• The members of the Hepp/Kexel Group who were responsible for several bomb attacks against U.S. soldiers deployed in West Germany in 1982 – leaving several victims severely wounded – were sentenced to prison terms of between five and 14 years.
  • The neo-Nazi Martin Wiese, convicted of planning a terrorist attack against the Jewish Centre Munich in 2003, was sentenced to seven years, and his accomplices to terms of between two years and three months and five years and nine months.
  • One of the last verdicts against a radical right terrorist group – the Freital Group in Dresden (Saxony) – was delivered in March 2018: Seven men and one woman built a terrorist organization that committed attacks against immigrants and political enemies. The two ringleaders were sentenced to nine and a half and ten years, respectively – terms at the upper legal limit. The six other defendants received sentences of between four and eight years. This verdict was an important sign, the media wrote in the aftermath.

All of these examples across 40 years have one feature in common: almost all defendants, even those who did not personally participate in the attacks but were supporters, received sentences that were longer than those given to André Eminger and Holger Gerlach. This was also the case when the assaults claimed no lives or caused no injuries. Some groups, such as the Wiese Group, were even stopped in the planning stage. However, there were also examples of radical right terrorist violence where the alleged perpetrators astonishingly were acquitted even though evidence of their guilt was overwhelming.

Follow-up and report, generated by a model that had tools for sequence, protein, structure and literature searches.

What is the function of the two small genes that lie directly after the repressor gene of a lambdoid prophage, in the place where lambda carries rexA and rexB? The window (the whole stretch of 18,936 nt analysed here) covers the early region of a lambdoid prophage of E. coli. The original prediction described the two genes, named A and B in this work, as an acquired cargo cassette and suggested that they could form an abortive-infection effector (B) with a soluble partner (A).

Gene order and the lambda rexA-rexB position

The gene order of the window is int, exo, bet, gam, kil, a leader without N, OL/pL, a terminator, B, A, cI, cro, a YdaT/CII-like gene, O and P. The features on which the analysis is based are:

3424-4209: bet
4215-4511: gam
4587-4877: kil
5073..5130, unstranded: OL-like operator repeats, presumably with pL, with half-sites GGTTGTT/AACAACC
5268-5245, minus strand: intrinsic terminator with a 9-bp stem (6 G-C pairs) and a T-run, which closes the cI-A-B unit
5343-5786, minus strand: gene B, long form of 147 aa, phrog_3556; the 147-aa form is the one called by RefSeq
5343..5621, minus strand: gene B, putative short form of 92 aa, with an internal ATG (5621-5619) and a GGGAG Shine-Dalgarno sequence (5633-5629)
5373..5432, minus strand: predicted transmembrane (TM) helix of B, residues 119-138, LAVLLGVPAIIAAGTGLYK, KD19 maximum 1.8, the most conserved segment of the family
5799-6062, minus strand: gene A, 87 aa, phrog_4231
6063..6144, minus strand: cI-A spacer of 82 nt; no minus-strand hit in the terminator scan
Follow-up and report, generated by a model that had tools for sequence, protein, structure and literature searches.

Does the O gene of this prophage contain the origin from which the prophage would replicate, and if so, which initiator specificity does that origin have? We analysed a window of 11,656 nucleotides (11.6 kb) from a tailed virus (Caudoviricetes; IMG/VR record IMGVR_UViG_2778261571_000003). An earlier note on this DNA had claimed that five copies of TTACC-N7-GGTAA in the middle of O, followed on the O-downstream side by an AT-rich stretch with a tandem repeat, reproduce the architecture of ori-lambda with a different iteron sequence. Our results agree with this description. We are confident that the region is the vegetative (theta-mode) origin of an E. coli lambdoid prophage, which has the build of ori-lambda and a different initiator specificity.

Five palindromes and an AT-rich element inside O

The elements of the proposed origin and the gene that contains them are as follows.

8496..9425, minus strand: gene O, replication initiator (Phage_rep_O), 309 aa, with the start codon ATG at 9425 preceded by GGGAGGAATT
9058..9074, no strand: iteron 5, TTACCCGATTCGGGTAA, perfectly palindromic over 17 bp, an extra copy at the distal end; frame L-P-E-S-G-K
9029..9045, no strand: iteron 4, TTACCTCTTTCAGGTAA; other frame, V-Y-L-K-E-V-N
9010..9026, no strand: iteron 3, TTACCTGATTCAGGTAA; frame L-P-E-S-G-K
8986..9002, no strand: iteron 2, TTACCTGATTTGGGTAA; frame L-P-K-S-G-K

These findings, though, do not lead to the conclusion that we experience a rigorous criminal prosecution against radical right offenders in Germany. On the contrary, when it comes to neo-Nazi violence in general (such as arson attacks, assaults, or riots), law enforcement often works slowly and hesitantly. If the cases are tried, the sentences do not always exhaust the full range of punishment available to the court. That holds particularly true when the violence is not recognized as politically motivated.

This observation reveals an ambiguity in dealing with radical right violence in Germany. A consistent and decisive handling of this challenge by the prosecuting authorities is far off.

Dr Barbara Manthe is a Senior Fellow at CARR and Researcher at Faculty of Social Science and Cultural Studies in University of Applied Sciences, Düsseldorf, Germany. Her profile can be found here:

©Barbara Manthe. Views expressed on this website are individual contributors and do not necessarily reflect that of the Centre for Analysis of the Radical Right (CARR). We are pleased to share previously unpublished materials with the community under creative commons license 4.0 (Attribution-NoDerivatives).